The PMG is a simple form of synchronous generator that requires no connections and energy feed to the rotor. Depending on the application, permanent magnets are placed on the rotor, for low-or medium-speed generators, or embedded in the rotor for high-speed generators.

By driving the generator with an optimal power factor using PMG technology, stator-side losses are also minimized. PMGs do not require any separate excitation systems, thereby reducing cost, simplifying the system, and improving system efficiency because it virtually eliminates rotor losses. Further, no slip rings are used, greatly reducing maintenance needs. Another benefit is that the optimized PMG electro-magnetic circuit reduces cogging and thus vibrations. This extends the lifetime of the turbine and reduces maintenance requirements.

The switch full-power converter is optimized to work with a range of PMG concepts. It features lightweight construction, modular power packs with liquid or air cooling. Customizable software can match all turbine designs and wind conditions, and a rugged design that provides greater fault tolerance and grid support through fault ride-through (FRT) functionality. It is not as sensitive to changes in the network as traditional converters, and offers control advantages for adapting to ever-changing operational conditions.

According to Panu Kurronen, PMG product specialist at The Switch, PMG efficiencies remain very high, close to nominal value, over a wide range of speeds. Wind turbines using the company's PMG and full-power converter exhibit up to 20% higher partial load efficiency, yielding more energy. Plus, PMG efficiency at partial speed is superior to that of conventional double-fed or squirrel-cage systems. Another advantage of The Switch Drive is its ability to tune itself to individual sites and seasonal conditions.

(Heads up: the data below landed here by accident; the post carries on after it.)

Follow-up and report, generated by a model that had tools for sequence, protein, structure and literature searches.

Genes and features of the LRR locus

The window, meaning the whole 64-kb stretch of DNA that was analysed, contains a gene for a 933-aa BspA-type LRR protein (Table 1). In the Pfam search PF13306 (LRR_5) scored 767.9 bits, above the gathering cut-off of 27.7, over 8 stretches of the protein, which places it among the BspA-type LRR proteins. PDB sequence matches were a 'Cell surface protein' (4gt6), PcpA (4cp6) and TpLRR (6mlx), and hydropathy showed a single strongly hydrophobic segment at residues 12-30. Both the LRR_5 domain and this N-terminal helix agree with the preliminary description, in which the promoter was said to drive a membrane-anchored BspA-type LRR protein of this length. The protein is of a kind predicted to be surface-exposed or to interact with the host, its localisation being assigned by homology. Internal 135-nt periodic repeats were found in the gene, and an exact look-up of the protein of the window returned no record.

In the wind power industry, PMGs typically produce efficiency levels up to 98% at the rated point. When used in low-speed, direct-drive applications, generator efficiency is not quite as high, but it eliminates the need for a gearbox, creating excellent overall drive train efficiency.

Moreover, because it is designed for the highest level of performance to lower demands on the grid, the robust grid-side converter assures stable and high-quality electricity. For example, the converter was designed to assure low harmonics, which meet IEEE 519 requirements, resulting in extremely low flicker. These considerations allow for greater flexibility in selecting turbine sites.


  1. Large-Scale Offshore Wind Power in the United States Assessment Of opportunities and Barriers, September 2010, NREL/TP-500-40745.
  2. A National Offshore Wind Strategy, Creating an Offshore Wind Energy Industry in the United States.
About the Author

Sam Davis

Sam Davis was the editor-in-chief of Power Electronics Technology magazine and website that is now part of Electronic Design. He has 18 years experience in electronic engineering design and management, six years in public relations and 25 years as a trade press editor. He holds a BSEE from Case-Western Reserve University, and did graduate work at the same school and UCLA. Sam was the editor for PCIM, the predecessor to Power Electronics Technology, from 1984 to 2004. His engineering experience includes circuit and system design for Litton Systems, Bunker-Ramo, Rocketdyne, and Clevite Corporation.. Design tasks included analog circuits, display systems, power supplies, underwater ordnance systems, and test systems. He also served as a program manager for a Litton Systems Navy program.

Sam is the author of Computer Data Displays, a book published by Prentice-Hall in the U.S. and Japan in 1969. He is also a recipient of the Jesse Neal Award for trade press editorial excellence, and has one patent for naval ship construction that simplifies electronic system integration.

You can also check out his Power Electronics blog